Disappointing? Yes, to put it mildly. Consider, for instance, the plight of ethnic Hungarians living in far western Ukraine. They were Hungarian citizens until the 1920 Treaty of Trianon severed 70 per cent of Hungary’s historic territory from the country’s core, giving the nation’s eastern borderlands to Ukraine. After the collapse of Communism, the Kyiv government was relatively respectful of the rights of non-Ukrainian minorities, including ethnic Hungarians. However, when Russia seized Crimea in 2014, Kyiv passed laws to shore up Ukrainian identity in the face of Russian aggression and cultural assertion in Ukraine’s Russian-speaking far east. This had unintended knock-on effects on Hungarians and other minorities in Ukraine. Ethnic minorities are heavily restricted from offering education in their native language. Under a 2021 law, Kyiv redefined its definition of ‘indigenous peoples’ to exclude Russians, Hungarians, Poles, Romanians, and Bulgarians, thus putting them outside of the protection of laws intended to defend diversity. Even now, ethnic Hungarians living in Ukraine continue to suffer harassment and discrimination from the Ukrainian government. Of course, Ukraine is not a member of the EU—not yet, anyway. But the EU opened formal accession talks with Ukraine last December, chiefly in response to Russia’s 2022 invasion. The entire EU elite backs Ukraine joining the Union, as do strong majorities within most member nations. Had the Minority SafePack been accepted by the European Commission, ethnic Hungarians and other minorities living in Ukraine could have looked forward to guaranteed EU protection of their rights. Not now.

‘Deep down, these deracinated cosmopolitans loathe Europe’s historic identities, which are rooted in fidelity to the Christian religion and to folk traditions that make peoples distinct’

What is especially galling to supporters of Minority SafePack is that the Eurocrat elites stop at nothing to protect their favoured minorities: Muslims, non-European migrants, and sexual minorities. In Bangladesh, Riya Moni, an intersex Muslim, began living as a hijra, a common term in the Indian subcontinent for intersex and transgendered people. Facing discrimination, Moni turned to the local branch of a Danish human rights organization whose EU-funded work helps support and protect hijras. According to the European Commission, ‘This EU-funded protection programme provides sexual and reproductive health information and services to the hijra community. The group also enjoys recreational activities such as painting, dancing, and singing among other things.’ European taxpayer dollars go to support what the EC says is ‘a transgender woman’s struggle to be herself in Bangladesh’.2

One wonders if Occitan-speaking transgenders appealed to Brussels for help in their ‘struggle to be themselves in the Pyrenees’, by receiving EU-wide protection for their language, they might get somewhere. Meanwhile, on its website, the Council of Europe lists a variety of ways it promotes and defends people—including asylum seekers—on the basis of sexual orientation and gender identity.3 The COE boasts that it stands firmly against ‘homophobia, transphobia’, and other so-called phobias, using ideologically loaded terminology that pathologizes cultural or religious judgments about sexuality and gender identity. The COE is so passionately devoted to defending diversity in matters of sexual orientation and gender identity that it has no qualms about disrespecting and dismantling longstanding local and regional traditions. In 2020, the EU’s bureaucracy launched a new strategy to advance LGBT rights throughout the EU, and protect sexual minorities, including from democratically elected conservative governments.4 European Commission Vice President for Values and Transparency Věra Jourová said in a news conference that ‘too many people cannot be themselves without fears of discrimination, exclusion or violence’.5 Jourová called out the governments of Hungary and Poland for alleged anti-LGBT legislation. The right of the culturally conservative, traditionally Christian countries to govern themselves according to their own moral understanding does not exist for bureaucrats like Jourová. Nor does the fundamental liberal democratic right of free speech (the new strategy proposes making ‘hate speech’ against LGBT people an EU-wide crime). In 2021, the European Parliament declared the EU to be ‘an LGBTIQ Freedom Zone’, signalling its intention to keep expanding the rights of sexual minorities, even against the wishes of member states.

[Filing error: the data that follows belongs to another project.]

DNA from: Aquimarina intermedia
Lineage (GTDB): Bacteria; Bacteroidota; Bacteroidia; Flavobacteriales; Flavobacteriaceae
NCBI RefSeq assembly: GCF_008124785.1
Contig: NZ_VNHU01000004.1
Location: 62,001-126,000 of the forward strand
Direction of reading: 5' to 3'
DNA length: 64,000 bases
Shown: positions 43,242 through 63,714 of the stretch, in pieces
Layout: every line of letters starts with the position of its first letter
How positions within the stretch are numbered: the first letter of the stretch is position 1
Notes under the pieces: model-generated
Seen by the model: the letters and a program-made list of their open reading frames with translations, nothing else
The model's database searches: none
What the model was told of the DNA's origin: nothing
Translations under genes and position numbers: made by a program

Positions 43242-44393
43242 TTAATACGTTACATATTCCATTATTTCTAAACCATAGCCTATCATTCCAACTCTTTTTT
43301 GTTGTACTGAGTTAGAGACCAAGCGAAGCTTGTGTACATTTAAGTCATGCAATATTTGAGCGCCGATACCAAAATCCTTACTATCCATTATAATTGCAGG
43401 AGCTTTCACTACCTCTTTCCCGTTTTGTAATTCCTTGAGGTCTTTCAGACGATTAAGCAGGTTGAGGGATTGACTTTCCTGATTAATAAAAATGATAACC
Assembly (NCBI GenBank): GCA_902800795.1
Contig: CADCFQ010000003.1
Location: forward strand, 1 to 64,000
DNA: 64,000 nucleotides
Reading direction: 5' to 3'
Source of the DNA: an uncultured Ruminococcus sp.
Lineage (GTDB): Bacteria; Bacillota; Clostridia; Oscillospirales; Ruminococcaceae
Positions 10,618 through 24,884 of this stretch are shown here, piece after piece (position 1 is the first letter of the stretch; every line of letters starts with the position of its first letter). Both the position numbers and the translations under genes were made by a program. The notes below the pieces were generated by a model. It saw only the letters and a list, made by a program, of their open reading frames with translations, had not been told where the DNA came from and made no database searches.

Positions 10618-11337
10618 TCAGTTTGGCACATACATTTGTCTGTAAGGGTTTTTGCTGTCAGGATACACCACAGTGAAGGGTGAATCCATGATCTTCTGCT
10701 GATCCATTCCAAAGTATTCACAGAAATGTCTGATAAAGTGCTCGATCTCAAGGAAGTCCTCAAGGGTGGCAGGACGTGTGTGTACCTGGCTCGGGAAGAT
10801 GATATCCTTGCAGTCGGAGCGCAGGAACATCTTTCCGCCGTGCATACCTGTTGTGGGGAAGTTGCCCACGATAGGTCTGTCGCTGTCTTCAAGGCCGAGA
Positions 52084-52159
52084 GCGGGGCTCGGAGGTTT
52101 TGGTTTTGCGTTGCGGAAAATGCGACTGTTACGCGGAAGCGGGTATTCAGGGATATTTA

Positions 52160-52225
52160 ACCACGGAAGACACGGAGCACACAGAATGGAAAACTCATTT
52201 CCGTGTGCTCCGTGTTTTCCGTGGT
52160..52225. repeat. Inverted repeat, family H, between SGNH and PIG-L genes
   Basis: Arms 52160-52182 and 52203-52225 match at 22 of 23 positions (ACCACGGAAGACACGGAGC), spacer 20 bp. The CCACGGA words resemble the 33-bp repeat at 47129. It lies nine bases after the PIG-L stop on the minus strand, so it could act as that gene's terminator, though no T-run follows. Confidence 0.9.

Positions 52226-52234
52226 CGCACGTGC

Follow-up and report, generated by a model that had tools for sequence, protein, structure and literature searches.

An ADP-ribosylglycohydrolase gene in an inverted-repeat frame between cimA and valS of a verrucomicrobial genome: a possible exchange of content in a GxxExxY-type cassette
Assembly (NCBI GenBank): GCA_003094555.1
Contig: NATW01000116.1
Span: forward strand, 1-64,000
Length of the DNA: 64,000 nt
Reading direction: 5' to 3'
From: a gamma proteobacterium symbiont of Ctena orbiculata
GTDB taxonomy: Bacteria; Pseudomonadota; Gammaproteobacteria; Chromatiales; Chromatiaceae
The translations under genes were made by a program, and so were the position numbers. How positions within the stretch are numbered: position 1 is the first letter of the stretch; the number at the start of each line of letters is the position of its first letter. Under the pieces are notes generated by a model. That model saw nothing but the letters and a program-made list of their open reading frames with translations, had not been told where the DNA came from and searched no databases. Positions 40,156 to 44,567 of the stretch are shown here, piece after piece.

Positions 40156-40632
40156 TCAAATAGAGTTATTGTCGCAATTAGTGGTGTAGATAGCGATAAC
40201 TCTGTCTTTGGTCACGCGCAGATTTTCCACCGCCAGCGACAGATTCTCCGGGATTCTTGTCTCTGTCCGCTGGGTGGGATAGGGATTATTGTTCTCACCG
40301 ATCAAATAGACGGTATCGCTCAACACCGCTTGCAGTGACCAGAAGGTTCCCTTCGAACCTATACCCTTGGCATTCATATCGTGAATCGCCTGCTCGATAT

Again, the contrast between the EU elites’ solicitude for the liberties of sexual minorities, versus its blasé attitude toward ethnic and linguistic minorities, is instructive. Europe only began to decriminalize homosexuality in the 1950s and 1960s. In 2001, the Netherlands became the first country in the world to approve same-sex marriage. As distinct minorities considered deserving of legal protection, homosexuals and transgenders only appeared a moment ago in historical time. By contrast, speakers of Breton, a Celtic language, have lived in northwest France since the early Middle Ages. In modern France, governments attempted to quash the language, only desisting in the 1960s. This heritage of official suppression, combined with the advent of mass media and the draw of assimilation, has rendered Breton an officially ‘endangered language’. The French government estimates that only around 280,000 people still speak Breton, which is one of around 60 local or regional languages in the EU. Although the EU is officially committed to supporting linguistic diversity, François Alfonsi, a French MEP who supported the Minority SafePack initiative, believes the leadership’s heart is not in it. ‘We are witnessing a kind of contempt for certain cultures and languages that have helped to build Europe throughout its history, just as much as the languages that are considered official today by the EU. This is unacceptable,’ said Alfonsi, in an interview with The Parliament magazine.6